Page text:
As a Sikh Australian, I wholly back the moral stance in support of Indigenous constitutional recognition.
Travelling through Australia, this land of opportunities, I have been plagued by two questions.
First, how can it be that the country that provided prosperity and happiness for my family and myself, has done so little for the many Indigenous Australians living here for so long?
Second, how can it be that the Australian polity, despite their initial reluctance, eventually accepted me as a Sikh man with a turban, but has not yet formally accepted and included Indigenous peoples?
As a Singaporean-born Sikh Australian and President of the National Sikh Council of Australia, I wholeheartedly support the upcoming referendum on a constitutionally guaranteed Indigenous Voice and call on politicians across the political spectrum to do the same. Many Sikh Australians, and migrants more broadly, have immense empathy for the plight of Indigenous peoples. We want to see them properly recognised in the Constitution and guaranteed a fairer Voice in laws and policies made about them. That is why the Sikh Council, together with eight other major faith organisations, signed a joint resolution last year, and joint letter to politicians in February, calling for bipartisan support for the referendum.
I also contributed an essay to the new book, Statements from the Soul, explaining why I support this cause.
I arrived in Australia at the mature age of 38, with my wife and two-year-old son. I saw Australia as one of the best places to live in the world. My research told me this was a stable, fair, egalitarian, and democratic society with countless economic and non-economic opportunities. My research proved correct. I moved from Malaysia to Australia in 1981 and worked as a teacher to build a better life for me and my family.
I feel lucky and blessed to be Australian.
Living across various Australian jurisdictions, I interacted with Indigenous communities in Western Australia, Northern Territory and New South Wales. I experienced firsthand the warmth and affability of Australia’s First Peoples and learned about the deep historical connections between Indigenous Australians and Sikh (and Muslim, Hindu, and Afghan) cameleers.
Mutual connections between our communities have grown since the 1800s. I heard the personal recollections of Indigenous elders, who described the similarities between our two communities’ spiritual and psychosocial perspectives, and I grew to feel that Indigenous Australians and Sikh Australians had a sense of shared nationhood.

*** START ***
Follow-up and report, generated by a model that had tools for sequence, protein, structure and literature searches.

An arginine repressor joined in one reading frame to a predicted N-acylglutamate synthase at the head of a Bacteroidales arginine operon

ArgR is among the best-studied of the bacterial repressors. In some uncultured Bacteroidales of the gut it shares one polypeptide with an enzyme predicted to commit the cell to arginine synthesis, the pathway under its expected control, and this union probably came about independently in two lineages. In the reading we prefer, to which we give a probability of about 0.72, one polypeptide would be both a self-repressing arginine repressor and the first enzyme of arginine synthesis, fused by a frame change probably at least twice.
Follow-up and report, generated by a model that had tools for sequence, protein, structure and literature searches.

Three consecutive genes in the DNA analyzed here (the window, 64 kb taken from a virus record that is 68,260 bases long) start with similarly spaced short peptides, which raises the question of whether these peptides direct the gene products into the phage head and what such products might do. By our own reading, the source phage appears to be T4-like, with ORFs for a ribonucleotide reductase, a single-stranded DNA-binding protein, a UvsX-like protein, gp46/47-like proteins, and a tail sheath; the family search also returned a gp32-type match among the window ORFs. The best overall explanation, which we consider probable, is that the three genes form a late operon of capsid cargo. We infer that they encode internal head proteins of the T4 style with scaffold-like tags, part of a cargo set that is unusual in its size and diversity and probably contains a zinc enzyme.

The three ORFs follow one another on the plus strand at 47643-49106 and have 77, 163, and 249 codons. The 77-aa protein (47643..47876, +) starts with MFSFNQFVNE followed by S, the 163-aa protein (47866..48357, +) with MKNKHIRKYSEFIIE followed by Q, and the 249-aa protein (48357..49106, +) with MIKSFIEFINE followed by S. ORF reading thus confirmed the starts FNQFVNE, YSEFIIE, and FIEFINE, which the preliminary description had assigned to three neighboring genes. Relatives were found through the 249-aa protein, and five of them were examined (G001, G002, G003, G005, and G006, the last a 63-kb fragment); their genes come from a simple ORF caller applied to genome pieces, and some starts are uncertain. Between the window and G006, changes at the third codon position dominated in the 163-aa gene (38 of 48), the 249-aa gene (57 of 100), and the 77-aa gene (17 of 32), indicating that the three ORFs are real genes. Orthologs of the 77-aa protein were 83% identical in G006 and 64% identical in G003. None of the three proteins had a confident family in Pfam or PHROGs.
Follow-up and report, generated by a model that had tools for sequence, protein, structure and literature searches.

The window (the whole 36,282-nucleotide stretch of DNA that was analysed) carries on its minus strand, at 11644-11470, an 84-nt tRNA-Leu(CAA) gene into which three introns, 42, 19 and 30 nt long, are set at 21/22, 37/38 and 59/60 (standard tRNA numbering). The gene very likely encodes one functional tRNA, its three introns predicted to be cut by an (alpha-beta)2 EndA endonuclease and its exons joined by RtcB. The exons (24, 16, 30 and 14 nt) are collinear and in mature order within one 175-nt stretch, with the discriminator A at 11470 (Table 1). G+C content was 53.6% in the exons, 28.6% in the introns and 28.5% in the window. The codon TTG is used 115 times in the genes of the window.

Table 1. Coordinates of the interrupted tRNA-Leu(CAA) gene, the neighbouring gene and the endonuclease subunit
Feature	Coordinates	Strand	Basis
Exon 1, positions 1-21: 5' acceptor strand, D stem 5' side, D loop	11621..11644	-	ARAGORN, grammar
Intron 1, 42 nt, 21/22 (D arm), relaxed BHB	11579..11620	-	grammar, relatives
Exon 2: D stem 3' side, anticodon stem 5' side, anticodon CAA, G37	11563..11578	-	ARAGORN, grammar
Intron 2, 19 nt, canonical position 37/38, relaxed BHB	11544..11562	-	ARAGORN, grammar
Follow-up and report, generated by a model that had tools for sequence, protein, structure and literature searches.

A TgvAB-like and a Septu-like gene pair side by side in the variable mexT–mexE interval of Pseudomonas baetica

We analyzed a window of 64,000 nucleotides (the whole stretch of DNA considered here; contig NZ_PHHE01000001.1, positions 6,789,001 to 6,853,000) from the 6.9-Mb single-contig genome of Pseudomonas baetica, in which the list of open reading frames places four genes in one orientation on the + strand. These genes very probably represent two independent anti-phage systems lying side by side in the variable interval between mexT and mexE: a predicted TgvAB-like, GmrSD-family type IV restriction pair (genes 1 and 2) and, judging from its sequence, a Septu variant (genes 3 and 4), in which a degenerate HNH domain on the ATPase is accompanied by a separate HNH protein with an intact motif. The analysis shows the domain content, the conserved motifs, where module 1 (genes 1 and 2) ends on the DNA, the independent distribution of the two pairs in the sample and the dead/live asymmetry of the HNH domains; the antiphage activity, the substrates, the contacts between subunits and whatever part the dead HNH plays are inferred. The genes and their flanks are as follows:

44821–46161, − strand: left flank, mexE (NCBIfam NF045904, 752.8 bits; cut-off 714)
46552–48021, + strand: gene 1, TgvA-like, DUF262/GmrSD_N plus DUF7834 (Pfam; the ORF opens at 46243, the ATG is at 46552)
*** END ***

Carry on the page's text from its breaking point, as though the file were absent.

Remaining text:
I have also seen the harsh realities faced by Indigenous communities, especially in remote areas.
Sikh Australians have tried to help where we can. Tejinder Pal Singh, a taxi driver in Darwin, was recognised as an Australian of the Year for his generosity cooking and delivering Indian food to disadvantaged Indigenous communities. Such kindness is inspiring and speaks to the solidarity many migrants feel with Indigenous communities.
Yet the need for this charity also demonstrates long term systemic failures of policymaking in Indigenous affairs.
The call for a Voice is morally justified and practically necessary. The least Australians can do for our fellow Indigenous Australians is to guarantee them an advisory say in laws and policies made about them.
There is no veto proposed. It is a modest and small ask, given the history of discrimination and injustice, and given current policy ineptitude and failure. Current arguments around reiterations of the proposed constitutional drafting are of limited value and threaten to dilute or side-track the impact of this reform. That needs to stop.
We must work together to deliver this for Indigenous communities and the nation.
As Sikhs, we are inspired by the teachings of the Guru Granth Sahib, of seva (service to humanity) and vand chakna (sharing and caring). This is why I feel a moral imperative to assist Indigenous Australians to take their rightful place in this country, which has given my family and me so much, but which was premised on their dispossession.
As multicultural Australians, this is our chance to give back. I say to the politicians withholding support for Indigenous peoples’ modest request to have a guaranteed Voice in their own affairs: Sikh Australians are watching. Migrants, multifaith and multicultural communities are watching. We are watching and we will vote.
Ajmer Singh Gill is president of the National Sikh Council of Australia and a contributor to Statements from the Soul: the moral case for the Uluru Statement from the Heart (La Trobe University Press).
Find out more about how the National Sikh Council of Australia and other multicultural organisations are supporting the Voice on multiculturalforvoice.org.